Earlier this month Leslie Gauthier received a letter from her doctor stating that, as a “Catholic physician” the doctor would no longer prescribe birth control. Unfortunately, Ms. Gauthier’s experience is all too common. Medical providers, clinics, and hospitals across the country are substituting their personal or institutional beliefs for sound medical judgment and denying people medical care.

Putting Personal Beliefs Above Patient Care

In some ways, Ms. Gauthier’s situation could have been worse. At least her doctor let her know about the new restrictions before she came in for her appointment. People are often refused care only after they have arrived at a doctor’s office, a hospital, and even the pharmacy. Last year, a pediatrician refused to treat a newborn infant because her parents were lesbians. When Krista and Jami Contreras arrived at the pediatrician’s office with their six day old daughter, they were greeted, not by the doctor they had carefully selected and previously met, but another doctor. This doctor told them that their original pediatrician had “prayed on it” and decided she couldn’t care for their daughter.

BirthControlPill_iStock_000022609098_LargeIn April, two separate pharmacies refused to fill a prescription to treat Brittany Cartrett’s miscarriage. Another woman responded to Ms. Cartrett’s Facebook post about her experience and told a similar story. That woman ultimately chose to undergo a more invasive surgical procedure to complete her miscarriage rather than face additional humiliation at another pharmacy.

People refused care often don’t even know that there were other treatment options available. When Tamesha Means’ water broke after only 18 weeks of pregnancy, doctors at the Catholic-affiliated Mercy Health Partners hospital sent her home twice. The hospital told her there was nothing they could do, even though in these circumstances terminating the pregnancy would have been the safest course of treatment. There was virtually no chance that the pregnancy could continue and waiting merely placed Ms. Means’ health and life in jeopardy. Ms. Means was only offered care after she returned to the hospital a third time in extreme distress and with an infection. Even then, the hospital staff were in the process of discharging her when she went into labor.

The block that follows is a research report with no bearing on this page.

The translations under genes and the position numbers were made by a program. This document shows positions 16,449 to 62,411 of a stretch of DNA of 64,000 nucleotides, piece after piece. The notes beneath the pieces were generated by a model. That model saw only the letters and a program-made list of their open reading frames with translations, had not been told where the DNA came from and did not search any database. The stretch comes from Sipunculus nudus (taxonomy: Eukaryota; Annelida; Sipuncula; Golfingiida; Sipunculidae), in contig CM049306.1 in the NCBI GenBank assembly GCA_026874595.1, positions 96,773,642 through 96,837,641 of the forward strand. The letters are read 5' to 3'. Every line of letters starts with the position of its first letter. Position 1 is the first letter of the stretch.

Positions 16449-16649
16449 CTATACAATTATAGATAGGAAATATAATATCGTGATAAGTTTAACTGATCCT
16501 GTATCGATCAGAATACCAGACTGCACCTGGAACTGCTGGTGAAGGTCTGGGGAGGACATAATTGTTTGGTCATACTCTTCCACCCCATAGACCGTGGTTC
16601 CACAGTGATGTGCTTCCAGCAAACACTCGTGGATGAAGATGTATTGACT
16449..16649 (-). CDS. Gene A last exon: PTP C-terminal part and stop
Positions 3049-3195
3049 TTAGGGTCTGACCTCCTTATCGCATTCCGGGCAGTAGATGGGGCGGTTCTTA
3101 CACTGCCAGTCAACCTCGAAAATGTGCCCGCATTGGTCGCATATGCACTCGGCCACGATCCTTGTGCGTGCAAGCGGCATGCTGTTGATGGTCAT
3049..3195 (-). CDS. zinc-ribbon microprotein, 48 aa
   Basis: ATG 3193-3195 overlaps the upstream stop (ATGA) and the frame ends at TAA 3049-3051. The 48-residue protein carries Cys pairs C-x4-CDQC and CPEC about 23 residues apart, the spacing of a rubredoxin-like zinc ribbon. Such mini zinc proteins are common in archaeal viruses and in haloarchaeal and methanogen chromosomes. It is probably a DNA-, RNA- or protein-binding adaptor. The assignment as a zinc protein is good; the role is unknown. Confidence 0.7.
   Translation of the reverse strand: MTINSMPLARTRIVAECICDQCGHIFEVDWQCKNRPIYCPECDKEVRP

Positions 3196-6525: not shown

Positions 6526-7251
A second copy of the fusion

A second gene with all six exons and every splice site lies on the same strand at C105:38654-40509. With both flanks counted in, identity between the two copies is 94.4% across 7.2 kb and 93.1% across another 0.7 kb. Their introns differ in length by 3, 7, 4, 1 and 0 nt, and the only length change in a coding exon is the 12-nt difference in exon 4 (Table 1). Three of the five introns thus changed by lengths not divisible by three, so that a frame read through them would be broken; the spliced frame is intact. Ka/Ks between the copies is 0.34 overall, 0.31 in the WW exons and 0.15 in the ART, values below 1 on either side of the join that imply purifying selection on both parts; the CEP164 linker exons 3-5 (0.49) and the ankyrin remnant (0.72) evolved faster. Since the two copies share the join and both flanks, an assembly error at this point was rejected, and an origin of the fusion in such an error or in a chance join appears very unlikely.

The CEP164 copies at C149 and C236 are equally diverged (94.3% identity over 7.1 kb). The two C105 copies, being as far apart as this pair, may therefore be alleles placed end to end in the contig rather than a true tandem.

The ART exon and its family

We Deserve Better

It’s becoming increasingly common for people to try to impose their own beliefs on others by refusing to provide services. Sometimes it’s the service they object to and sometimes it’s the people. It’s always discrimination and it’s always wrong. But medical providers, in particular, have an ethical and moral duty to treat their patients with dignity and respect and to provide appropriate and necessary medical care. Personal beliefs should not trump patients’ access to the care they need.

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